The big game is a week away and even if you aren’t lucky enough to be going to the Super Bowl, there are still some valuable tips to learn for anytime you go to a large event.
First of all, I’ve been fortunate to have gone to two Super Bowls, including arguably the best one ever, which you can read about here. I’m also very fortunate to know what the excitement is like when going to the World Series, Kentucky Derby, World Cup, Wimbledon, NASCAR or just a regular game or concert.
There’s always a buzz in the air, making it an opportune time for scammers to make a quick buck. One I never even thought of but learned about watching the local news last week after the Rams vs. 49ers game was about two guys selling parking spots on a vacant lot close to SoFi Stadium that wasn’t even theirs and I hear this happens often.
I also just learned that the average cost for a parking spot for this year’s Super Bowl is — get this — $250! Two hundred and fifty dollars … and that’s the average! Insane, right? Well, you better sit down when I tell you what the most expensive parking spot is for Super Bowl LVI. It’s $4,850. That’s right …. for parking. Not the ticket to get into the game. I had to read it three times to make sure my eyes weren’t lying to my brain.
If you are going to the game, according to KTLA: “The city of Inglewood has set up six remote parking locations with shuttle service, but other people are getting into the act. The city permits some locations to sell spaces for spillover traffic, but many homeowners who are not permitted will sell spaces on their property through social media or websites like Craigslist.”
But keep in mind that you could be paying hundreds of dollars to park in an illegal spot and when the game is over, your car might not even be there since it might be towed. So my advice is to take a taxi, ride share or better yet a car service because at the end of the game, you will likely not be able to find a taxi or ride share and if you do, prices will be surging higher than the parking spots.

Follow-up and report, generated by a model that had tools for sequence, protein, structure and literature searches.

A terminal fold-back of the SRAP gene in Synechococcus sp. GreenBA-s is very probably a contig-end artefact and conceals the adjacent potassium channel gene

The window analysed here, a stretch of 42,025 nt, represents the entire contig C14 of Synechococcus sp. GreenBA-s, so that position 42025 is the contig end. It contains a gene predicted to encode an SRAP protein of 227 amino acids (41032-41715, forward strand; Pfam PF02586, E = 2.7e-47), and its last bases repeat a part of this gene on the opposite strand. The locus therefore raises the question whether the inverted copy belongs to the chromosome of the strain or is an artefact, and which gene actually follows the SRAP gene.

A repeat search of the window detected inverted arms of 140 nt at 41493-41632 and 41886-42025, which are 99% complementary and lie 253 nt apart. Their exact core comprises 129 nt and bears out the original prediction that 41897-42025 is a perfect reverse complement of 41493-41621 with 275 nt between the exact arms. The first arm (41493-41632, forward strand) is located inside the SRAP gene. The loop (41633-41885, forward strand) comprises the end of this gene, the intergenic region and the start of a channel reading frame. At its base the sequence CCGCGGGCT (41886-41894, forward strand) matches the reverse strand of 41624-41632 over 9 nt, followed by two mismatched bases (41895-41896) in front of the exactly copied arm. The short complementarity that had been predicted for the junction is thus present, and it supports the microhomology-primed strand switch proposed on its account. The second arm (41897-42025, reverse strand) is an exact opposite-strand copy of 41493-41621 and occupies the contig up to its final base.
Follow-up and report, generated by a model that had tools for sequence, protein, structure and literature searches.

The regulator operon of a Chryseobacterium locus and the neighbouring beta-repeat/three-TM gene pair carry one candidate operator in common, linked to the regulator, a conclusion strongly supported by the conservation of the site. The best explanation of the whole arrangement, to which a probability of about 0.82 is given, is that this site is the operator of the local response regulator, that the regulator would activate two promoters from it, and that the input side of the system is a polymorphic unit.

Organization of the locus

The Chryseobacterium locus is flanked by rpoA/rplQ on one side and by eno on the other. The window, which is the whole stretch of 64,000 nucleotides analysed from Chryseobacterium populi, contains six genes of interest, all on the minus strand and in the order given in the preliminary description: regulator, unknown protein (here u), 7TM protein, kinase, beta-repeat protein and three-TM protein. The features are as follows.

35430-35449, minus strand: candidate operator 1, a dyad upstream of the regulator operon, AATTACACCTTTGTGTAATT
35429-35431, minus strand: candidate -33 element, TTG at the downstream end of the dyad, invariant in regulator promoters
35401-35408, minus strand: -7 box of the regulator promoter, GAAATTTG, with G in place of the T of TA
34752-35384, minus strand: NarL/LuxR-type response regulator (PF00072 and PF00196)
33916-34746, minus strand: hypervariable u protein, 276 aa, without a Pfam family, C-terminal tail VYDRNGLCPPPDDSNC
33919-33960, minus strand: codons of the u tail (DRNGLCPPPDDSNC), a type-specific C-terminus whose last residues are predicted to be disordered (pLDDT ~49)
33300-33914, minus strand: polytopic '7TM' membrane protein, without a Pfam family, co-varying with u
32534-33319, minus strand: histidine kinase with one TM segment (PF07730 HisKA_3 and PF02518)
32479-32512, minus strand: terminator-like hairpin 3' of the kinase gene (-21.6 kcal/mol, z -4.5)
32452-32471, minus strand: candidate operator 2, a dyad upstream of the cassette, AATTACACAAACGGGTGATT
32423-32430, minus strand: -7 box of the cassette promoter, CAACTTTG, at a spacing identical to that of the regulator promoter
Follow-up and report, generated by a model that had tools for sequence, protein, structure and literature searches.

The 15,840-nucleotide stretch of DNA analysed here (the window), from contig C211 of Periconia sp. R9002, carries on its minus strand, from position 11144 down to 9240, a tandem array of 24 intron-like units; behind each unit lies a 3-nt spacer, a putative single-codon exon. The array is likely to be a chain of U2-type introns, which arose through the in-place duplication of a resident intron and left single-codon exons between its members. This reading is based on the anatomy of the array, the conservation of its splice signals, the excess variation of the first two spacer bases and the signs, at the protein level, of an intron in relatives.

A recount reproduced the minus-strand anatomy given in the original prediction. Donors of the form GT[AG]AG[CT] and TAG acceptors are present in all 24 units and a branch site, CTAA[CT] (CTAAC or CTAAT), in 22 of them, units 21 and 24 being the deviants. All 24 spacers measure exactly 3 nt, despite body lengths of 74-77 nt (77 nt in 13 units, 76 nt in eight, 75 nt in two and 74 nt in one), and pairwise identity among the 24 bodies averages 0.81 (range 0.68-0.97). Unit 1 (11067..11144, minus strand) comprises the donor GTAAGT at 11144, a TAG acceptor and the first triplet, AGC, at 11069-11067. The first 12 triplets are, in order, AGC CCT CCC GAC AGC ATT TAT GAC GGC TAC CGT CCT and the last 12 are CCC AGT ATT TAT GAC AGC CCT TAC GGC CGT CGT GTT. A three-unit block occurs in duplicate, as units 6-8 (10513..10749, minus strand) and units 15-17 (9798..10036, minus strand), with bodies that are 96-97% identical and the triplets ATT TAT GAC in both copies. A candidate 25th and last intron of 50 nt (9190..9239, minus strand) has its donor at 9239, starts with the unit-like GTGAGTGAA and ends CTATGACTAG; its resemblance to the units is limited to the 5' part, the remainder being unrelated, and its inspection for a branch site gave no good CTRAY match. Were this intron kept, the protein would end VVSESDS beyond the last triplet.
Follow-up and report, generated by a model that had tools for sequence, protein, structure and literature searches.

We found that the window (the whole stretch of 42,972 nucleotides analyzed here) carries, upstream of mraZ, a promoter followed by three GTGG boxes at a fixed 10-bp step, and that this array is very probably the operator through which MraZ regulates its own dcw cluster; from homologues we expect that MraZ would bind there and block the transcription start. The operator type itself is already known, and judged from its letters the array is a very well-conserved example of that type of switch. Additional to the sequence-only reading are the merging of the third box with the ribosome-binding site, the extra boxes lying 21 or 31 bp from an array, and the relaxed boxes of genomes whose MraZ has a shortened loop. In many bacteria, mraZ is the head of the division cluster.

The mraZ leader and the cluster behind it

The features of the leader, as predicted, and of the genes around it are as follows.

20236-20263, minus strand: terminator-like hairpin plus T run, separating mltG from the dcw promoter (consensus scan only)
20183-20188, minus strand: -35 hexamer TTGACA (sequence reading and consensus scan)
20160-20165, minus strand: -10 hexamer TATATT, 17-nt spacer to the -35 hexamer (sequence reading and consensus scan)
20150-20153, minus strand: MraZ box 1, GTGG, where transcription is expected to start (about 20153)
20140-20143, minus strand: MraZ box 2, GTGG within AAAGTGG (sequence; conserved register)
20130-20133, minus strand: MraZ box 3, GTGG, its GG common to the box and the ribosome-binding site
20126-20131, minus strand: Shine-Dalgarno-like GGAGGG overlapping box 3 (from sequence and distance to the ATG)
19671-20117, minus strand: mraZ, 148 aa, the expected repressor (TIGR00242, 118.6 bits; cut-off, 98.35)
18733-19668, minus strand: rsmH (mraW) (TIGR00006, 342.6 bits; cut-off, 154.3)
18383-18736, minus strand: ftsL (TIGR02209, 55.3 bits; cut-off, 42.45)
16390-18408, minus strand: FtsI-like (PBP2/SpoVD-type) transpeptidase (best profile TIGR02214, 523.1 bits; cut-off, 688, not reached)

Book a car service now (I use Blacklane not just for airport rides but for attending events when I don’t want to deal with parking for all the reasons listed above) and no matter what, leave plenty of time to get to the game or event. For the Super Bowl in particular, a local Inglewood resident told me that the last mile or so can take well over an hour and that’s when it’s just a regular season game. And I’ve experienced something similar when going to Dodgers Stadium, AT&T Stadium in Arlington and the old Staples Center, just for a normal game. So be prepared in advance so that the parking situation doesn’t ruin what should be a fun experience!
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Editorial Note: The editorial content on this page is not provided by any bank, credit card issuer, airlines or hotel chain, and has not been reviewed, approved or otherwise endorsed by any of these entities.